The Trouble With Airport Security

An expert on passenger screening says we should be looking for evil intent, not just confiscating scissors and bottles of liquid.

Denver security.jpg
Security lines at Denver International Airport.

Philip Baum is the editor of Aviation Security International,  as well as the managing director of Green Light, a London-based aviation security training company that specializes in hijack management and passenger profiling. He spoke with Senior Associate Editor Diane Tedeschi in June.

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This story is a selection from the August issue of Air & Space magazine

Air & Space: Just before the Brussels airport bombing in March, two of the alleged bombers walked through the airport pushing luggage carts, each with his left hand in a black glove. Shouldn’t this have drawn the attention of airport security?

Baum: Well, it’s very easy after the event to look at the image and highlight the fact that two of the men each wore one glove. Or—more obviously—that all three men had checked luggage but no carry-on baggage. In a live operational environment it’s not so easy. But we ought to be relying much more on behavioral analysis and deploying staff at entrances to terminal buildings, taxi drop-off zones, station platforms, and in the lines to the checkpoint. Airport security officers should be focused on observing behavior and questioning people if concerns arise.

How effective are the airport security measures put in place in the United States after 9/11?

The passenger screening checkpoint is more robust now than ever before and, at the very least, seems to be an effective deterrent. However, we need to consider whether it is just good “security theater” or whether it is truly capable, if operated by personnel of the right caliber, of identifying most of the prohibited items we are searching for. Here lies the problem: We should not be searching for prohibited items. We should be searching for negative intent. Who cares whether a passenger has a pair of scissors or a box cutter if there is no intent to use them as a weapon?

We all know we can go to an airport duty-free shop and buy glass bottles which, if broken, are far more dangerous. Aviation security ought to be based more on common sense. Yes, I believe passionately in profiling—not racial profiling, but differentiating between passengers based on a risk analysis. People argue against it, yet every other security agency uses the technique, including customs, immigration, and quarantine officers assigned to airports.

Philip Baum
British security specialist Philip Baum is the author of Violence in the Skies: A History of Aircraft Hijacking and Bombing.

With the tightening of security for inflight operations, have airports themselves become more of a target for terrorists?

Absolutely. As a European, I find it incredible that the United States does not routinely screen all personnel accessing security-restricted areas of airports—a fundamental flaw in the system allowing the insider threat to be exploited.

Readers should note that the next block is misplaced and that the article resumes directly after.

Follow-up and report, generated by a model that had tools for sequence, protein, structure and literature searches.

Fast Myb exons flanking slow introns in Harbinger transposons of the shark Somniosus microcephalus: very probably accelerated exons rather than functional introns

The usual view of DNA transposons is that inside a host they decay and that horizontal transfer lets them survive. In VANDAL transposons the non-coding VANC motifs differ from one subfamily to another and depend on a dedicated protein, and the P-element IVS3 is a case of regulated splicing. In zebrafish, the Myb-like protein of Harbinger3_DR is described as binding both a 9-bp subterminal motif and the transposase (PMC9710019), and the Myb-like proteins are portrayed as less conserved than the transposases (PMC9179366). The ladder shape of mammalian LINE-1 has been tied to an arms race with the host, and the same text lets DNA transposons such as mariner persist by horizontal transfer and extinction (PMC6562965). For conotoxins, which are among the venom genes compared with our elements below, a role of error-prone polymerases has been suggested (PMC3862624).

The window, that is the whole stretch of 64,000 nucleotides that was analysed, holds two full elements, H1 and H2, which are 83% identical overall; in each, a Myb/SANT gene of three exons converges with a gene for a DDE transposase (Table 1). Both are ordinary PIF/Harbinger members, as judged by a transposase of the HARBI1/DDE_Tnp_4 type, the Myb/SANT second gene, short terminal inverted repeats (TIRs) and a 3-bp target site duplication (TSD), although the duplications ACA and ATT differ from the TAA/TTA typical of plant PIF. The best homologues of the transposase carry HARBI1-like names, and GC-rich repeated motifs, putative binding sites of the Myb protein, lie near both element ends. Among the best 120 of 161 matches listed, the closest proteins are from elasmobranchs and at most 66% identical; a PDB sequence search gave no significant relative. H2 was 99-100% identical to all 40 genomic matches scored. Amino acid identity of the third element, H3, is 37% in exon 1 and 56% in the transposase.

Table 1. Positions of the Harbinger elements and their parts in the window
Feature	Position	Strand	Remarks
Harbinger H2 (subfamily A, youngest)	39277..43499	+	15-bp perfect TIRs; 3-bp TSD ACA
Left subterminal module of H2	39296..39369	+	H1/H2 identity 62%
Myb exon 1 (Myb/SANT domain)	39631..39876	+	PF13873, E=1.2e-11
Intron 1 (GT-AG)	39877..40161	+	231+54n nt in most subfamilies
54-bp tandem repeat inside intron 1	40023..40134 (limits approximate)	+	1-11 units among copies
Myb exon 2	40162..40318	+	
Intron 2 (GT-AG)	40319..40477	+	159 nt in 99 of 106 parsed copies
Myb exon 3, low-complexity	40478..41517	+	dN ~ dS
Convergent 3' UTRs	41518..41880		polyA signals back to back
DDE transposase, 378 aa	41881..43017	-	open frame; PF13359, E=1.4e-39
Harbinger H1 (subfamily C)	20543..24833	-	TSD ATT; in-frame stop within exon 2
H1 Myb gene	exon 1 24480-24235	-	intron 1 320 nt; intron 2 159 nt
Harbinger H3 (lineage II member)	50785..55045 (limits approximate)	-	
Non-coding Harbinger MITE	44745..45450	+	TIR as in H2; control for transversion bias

The Transportation Security Administration in the U.S. uses human workers to man screening devices searching for weapons and banned items, but undercover tests conducted by the Department of Homeland Security discovered that human screeners repeatedly fail to detect banned items at security checkpoints. Should the TSA consider some type of artificial intelligence at security checkpoints to assist the human screeners, who might be prone to boredom and fatigue?

The problem is not just one of human error: The caliber of the staff employed, their level of motivation, and the disciplinary process in place to address security failings are all important factors to conisder. We are inspecting far too many people for a ridiculous range of materials that are—in themselves—not a threat. The whole liquid-aerosol-gel regime introduced a decade ago has resulted in vast numbers of people being inconvenienced and having perfectly safe products confiscated. Screeners see a bottle of wine and think they have found a threat. Maybe we should be encouraging a regime that actually addresses the threat and identifies those who might try to attack the industry.

You’ve said that airport security is too predictable. What could make it less predictable?

We all know what we can take to the airport. We all know the process we’ll go through, so it is fairly easy to plot one’s way around it. I’d like to see airports equipped with a range of security technologies, where we don’t know which one will be used when we set out to the airport.

What is your opinion of the aviation security practices in Israel?

Israel is the home of profiling, and though it wouldn’t be practical to adopt the Israeli system, we could be using elements of it, especially common sense. Profiling based on behavioral analysis—not race—is the best way to identify insider threats, suicidal pilots, hijackers, unruly passengers, victims of human trafficking, traffickers, and other criminals.

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